A radical bisexual anarchist before it was cool, Paul Goodman is remembered today as the 1960s philosopher of the New Left. With his thick-rimmed spectacles, corncob pipe, and rumpled suits, he resembled a right-wing parodist's image of a left-wing intellectual, but his contrarian ideas helped shape the minds of future generations. A playwright, poet, and gestalt psychologist, Goodman and his books and speeches were road maps for revolutions and blueprints for dissent, stoking the antiwar fire in Vietnam long before Walter Cronkite deemed it unwinnable. Jonathan Lee's documentary Paul Goodman Changed My Life is a sympathetic but nonhagiographic journey through Goodman's personal and professional lives, which were rife with contradictions: The "moral courage" he displayed by speaking out against war apparently didn't apply to his countless extramarital dalliances. Lee's narrative approach of archival videos, still photographs, and talking heads is standard-issue PBS fare, but the rare clips, such as Goodman's on-air sparring with William F. Buckley, are a pleasure to absorb. Goodman died in 1972, but one portion of Lee's film, about the necessity of decentralization in social uprisings, justifies the oft-maligned approach of Occupy Wall Street more than 40 years prior. The movie plays at Living Room Theaters at FAU, 777 Glades Road, Boca Raton. Tickets cost $5 to $9.50.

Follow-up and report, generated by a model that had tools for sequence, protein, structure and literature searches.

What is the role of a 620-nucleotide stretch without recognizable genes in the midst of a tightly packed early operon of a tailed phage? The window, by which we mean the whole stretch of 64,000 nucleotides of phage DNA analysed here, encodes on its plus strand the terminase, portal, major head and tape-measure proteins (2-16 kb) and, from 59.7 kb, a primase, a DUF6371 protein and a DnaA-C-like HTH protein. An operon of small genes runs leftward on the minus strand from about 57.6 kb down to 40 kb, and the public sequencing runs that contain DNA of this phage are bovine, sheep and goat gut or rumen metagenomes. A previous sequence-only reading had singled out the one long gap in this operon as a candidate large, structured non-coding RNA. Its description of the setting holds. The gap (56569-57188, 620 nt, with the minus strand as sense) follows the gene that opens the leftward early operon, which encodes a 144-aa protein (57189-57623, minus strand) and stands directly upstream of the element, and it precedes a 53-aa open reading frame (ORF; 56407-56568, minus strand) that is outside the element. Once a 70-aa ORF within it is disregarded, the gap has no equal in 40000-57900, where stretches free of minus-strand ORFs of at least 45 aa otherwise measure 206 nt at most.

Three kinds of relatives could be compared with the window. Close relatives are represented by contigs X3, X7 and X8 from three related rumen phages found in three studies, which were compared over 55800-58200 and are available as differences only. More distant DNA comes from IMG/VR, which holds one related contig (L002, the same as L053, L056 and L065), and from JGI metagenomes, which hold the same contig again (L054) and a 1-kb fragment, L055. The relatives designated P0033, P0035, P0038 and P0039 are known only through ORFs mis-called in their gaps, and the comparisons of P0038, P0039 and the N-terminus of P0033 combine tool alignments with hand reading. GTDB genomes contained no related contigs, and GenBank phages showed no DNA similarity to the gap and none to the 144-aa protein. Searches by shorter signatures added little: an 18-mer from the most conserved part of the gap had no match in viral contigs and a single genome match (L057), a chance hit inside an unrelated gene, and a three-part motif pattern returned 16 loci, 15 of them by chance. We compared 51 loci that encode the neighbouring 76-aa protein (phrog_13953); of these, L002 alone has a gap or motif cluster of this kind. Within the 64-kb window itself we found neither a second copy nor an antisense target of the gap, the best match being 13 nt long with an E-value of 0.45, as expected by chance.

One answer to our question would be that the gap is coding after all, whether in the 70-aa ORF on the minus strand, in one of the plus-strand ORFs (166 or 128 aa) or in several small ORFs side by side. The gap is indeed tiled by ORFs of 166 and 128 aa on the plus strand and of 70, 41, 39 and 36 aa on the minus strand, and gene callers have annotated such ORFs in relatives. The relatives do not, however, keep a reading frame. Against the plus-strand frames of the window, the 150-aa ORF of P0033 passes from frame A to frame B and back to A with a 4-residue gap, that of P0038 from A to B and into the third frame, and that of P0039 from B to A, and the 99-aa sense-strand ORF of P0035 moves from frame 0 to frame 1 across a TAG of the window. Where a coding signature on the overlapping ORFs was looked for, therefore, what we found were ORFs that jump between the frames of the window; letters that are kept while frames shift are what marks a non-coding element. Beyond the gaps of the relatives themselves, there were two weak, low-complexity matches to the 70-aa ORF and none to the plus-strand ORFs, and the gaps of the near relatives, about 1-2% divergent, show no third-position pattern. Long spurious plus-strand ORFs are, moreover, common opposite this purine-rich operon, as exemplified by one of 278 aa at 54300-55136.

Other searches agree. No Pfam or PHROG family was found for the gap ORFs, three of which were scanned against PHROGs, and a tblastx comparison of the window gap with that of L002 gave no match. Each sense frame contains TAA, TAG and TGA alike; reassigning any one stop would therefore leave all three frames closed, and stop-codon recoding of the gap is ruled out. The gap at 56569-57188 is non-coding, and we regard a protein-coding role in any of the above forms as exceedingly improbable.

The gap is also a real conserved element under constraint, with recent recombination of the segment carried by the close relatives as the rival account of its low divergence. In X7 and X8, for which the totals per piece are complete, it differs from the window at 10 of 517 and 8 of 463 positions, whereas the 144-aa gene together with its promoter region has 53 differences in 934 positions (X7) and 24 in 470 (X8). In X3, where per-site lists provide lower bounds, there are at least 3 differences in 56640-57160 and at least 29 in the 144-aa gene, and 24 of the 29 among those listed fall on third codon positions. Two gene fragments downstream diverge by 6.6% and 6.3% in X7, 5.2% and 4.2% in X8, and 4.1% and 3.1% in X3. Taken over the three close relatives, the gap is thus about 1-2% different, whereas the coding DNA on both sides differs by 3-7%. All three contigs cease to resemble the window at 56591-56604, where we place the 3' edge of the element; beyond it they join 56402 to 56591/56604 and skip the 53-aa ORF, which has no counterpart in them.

Mon., Jan. 30; Mon., Feb. 6; Mon., Feb. 13, 2012